The bakery segment is a sunrise sector of the food processing industry. Particularly, cookies have become an indispensable part of our lives and can be a good carrier for protein enrichment due to their convenience, palatability, long shelf life, ease of storage, and likability among wide demographics (Sahni and Shere 2017). Furthermore, supplementing wheat-based cookies with legume-based ingredients can be a good approach to allow the legume–pulse combination in the food formulation to enhance its nutritional value. Studies have reported that the supplementation of cookies with different protein isolates from watermelon seed, soy, whey, and Bambara groundnut have conferred different effects on the quality attributes of the cookies (Arise et al., 2021; Sarabhai et al., 2015; Tang and Liu, 2017; Wani et al., 2012). Cookie formation involves the development of a matrix where starch and protein form a network in the presence of sugar syrup and confer desirable structure and texture to the cookies (Slade and Levine, 1994). Furthermore, during the formation of cookies, development of gluten is detrimental to the cookie’s quality. However, the type and concentration of protein may alter the development of the cookie matrix and final quality characteristics depending on the interaction of protein with other constituents of the dough, where it may promote or inhibit the development of gluten (Tang and Liu, 2017). Therefore, the present investigation was carried out to utilize alfalfa and dhaincha protein isolates (API and DPI) as unconventional protein ingredients for the development of wheat-based protein-enriched cookies and to evaluate the effect of their supplementation on the quality characteristics, nutritional and amino acid composition, bioactive constituents, and antioxidant activity of the cookies.
Protein isolates from forage legumes (alfalfa and dhaincha) were used as unconventional legume protein ingredients for the protein enrichment of the cookies. Protein isolates were prepared by pH-based solubilization and precipitation of alfalfa and dhaincha flour at solubilization and precipitation pH of 10.0 and 4.0, respectively. The isolated protein was neutralized with 0.1 M NaOH and freeze dried using a lyophilizer (Sahni, 2020; Sahni et al., 2020). Lyophilized API and DPI had water absorption capacity of 1.288 and 1.774 g/g and least gelation concentrations (LGC) of 25 and 14%, respectively.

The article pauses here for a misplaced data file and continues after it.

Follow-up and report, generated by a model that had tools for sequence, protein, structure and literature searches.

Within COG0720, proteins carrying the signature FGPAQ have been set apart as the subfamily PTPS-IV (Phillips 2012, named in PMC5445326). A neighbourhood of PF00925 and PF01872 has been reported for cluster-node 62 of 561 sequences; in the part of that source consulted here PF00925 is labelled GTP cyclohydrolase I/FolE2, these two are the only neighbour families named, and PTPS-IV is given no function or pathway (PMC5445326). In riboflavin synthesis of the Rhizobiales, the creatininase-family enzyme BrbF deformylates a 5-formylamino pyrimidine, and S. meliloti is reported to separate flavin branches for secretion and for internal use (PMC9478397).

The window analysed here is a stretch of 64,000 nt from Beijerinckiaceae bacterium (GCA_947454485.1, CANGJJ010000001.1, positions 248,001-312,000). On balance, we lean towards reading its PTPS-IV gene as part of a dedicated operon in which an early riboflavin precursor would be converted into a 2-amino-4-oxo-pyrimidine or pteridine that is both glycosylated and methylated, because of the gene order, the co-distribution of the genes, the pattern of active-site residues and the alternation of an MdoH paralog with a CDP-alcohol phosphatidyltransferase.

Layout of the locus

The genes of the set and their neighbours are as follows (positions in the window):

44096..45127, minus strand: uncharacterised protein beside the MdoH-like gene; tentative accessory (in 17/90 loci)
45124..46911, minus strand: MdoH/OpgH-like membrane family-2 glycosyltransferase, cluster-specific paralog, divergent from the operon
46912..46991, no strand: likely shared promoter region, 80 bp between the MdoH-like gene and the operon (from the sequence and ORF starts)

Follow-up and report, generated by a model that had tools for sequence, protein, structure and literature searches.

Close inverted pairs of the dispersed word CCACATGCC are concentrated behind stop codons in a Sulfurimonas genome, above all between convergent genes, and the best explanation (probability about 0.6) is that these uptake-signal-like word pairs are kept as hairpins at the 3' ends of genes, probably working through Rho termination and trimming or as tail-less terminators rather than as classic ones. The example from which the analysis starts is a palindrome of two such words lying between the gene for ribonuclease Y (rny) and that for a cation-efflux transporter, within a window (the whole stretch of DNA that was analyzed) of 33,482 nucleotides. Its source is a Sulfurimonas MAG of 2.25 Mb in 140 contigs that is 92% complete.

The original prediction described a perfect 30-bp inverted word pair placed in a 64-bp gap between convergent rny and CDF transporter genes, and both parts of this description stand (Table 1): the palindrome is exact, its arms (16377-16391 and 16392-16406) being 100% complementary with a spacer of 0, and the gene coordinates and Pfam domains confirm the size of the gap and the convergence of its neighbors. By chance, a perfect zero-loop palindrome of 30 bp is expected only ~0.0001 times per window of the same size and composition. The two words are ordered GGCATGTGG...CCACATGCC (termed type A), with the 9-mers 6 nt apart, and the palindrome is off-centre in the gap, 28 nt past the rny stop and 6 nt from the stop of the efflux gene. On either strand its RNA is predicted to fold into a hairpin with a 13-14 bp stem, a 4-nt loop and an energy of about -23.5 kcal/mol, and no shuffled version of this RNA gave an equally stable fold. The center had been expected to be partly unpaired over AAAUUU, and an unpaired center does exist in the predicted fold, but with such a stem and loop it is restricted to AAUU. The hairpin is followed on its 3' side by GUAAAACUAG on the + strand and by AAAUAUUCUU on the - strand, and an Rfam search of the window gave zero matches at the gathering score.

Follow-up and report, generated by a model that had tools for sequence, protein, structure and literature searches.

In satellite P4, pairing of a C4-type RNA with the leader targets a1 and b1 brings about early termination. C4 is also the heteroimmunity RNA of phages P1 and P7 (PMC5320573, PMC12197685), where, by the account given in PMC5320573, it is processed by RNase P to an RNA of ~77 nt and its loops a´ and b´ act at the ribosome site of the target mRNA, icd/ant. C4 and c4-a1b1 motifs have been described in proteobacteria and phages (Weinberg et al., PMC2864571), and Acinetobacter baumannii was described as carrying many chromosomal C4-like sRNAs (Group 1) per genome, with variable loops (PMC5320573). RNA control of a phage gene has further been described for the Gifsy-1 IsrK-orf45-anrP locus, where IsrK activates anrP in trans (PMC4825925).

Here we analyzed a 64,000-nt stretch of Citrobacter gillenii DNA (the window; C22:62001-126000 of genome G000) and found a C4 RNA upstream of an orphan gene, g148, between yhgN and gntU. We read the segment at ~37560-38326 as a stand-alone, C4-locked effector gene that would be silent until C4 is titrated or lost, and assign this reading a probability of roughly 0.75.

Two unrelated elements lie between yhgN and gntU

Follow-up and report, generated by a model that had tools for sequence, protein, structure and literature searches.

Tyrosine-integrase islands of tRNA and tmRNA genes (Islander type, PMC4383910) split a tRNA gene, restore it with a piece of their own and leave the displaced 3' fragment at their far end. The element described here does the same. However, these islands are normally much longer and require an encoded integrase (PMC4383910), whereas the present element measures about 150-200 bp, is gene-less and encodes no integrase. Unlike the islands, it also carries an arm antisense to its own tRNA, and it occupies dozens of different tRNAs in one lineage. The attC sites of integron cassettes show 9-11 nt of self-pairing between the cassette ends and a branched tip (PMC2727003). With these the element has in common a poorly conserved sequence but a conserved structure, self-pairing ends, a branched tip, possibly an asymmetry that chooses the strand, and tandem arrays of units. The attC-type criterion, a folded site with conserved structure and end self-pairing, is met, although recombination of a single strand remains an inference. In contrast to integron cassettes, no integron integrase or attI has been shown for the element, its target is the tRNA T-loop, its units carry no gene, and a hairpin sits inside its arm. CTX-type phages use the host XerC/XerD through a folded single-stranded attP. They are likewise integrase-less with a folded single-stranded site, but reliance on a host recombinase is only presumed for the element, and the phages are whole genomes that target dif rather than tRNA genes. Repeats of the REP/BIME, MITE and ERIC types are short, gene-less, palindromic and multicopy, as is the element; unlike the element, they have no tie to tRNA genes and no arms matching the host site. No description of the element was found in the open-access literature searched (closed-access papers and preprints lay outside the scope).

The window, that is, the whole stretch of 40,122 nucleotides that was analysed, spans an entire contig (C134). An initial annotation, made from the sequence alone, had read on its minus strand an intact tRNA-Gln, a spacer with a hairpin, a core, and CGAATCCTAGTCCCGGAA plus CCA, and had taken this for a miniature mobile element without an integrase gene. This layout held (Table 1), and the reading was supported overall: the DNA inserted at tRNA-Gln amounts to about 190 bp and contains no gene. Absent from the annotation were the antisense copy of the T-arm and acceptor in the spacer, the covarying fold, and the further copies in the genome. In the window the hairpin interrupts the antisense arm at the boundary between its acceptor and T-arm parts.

Cookies were prepared by creamery method using refined wheat flour (100 g), bakery shortening (45 g), powdered sugar (60 g), baking powder (1.5 g), baking soda (1.5 g) and ammonium bicarbonate (1.5 g) and water as per requirement to make crumbly dough. The kneaded dough was sheeted on a wooden plank (0.5 cm thickness), cut into a circular shape using a cookie cutter, and placed on a tray smeared with the shortening. Baking was done at 160°C for 20 min. Baked cookies were cooled, packaged in polypropylene jars, and stored at ambient conditions (Sahni et al., 2019). Blends were prepared for the formulation of cookies by replacing refined wheat flour (w/w) with protein isolates at 2.5, 5, 7.5, and 10% levels of supplementation.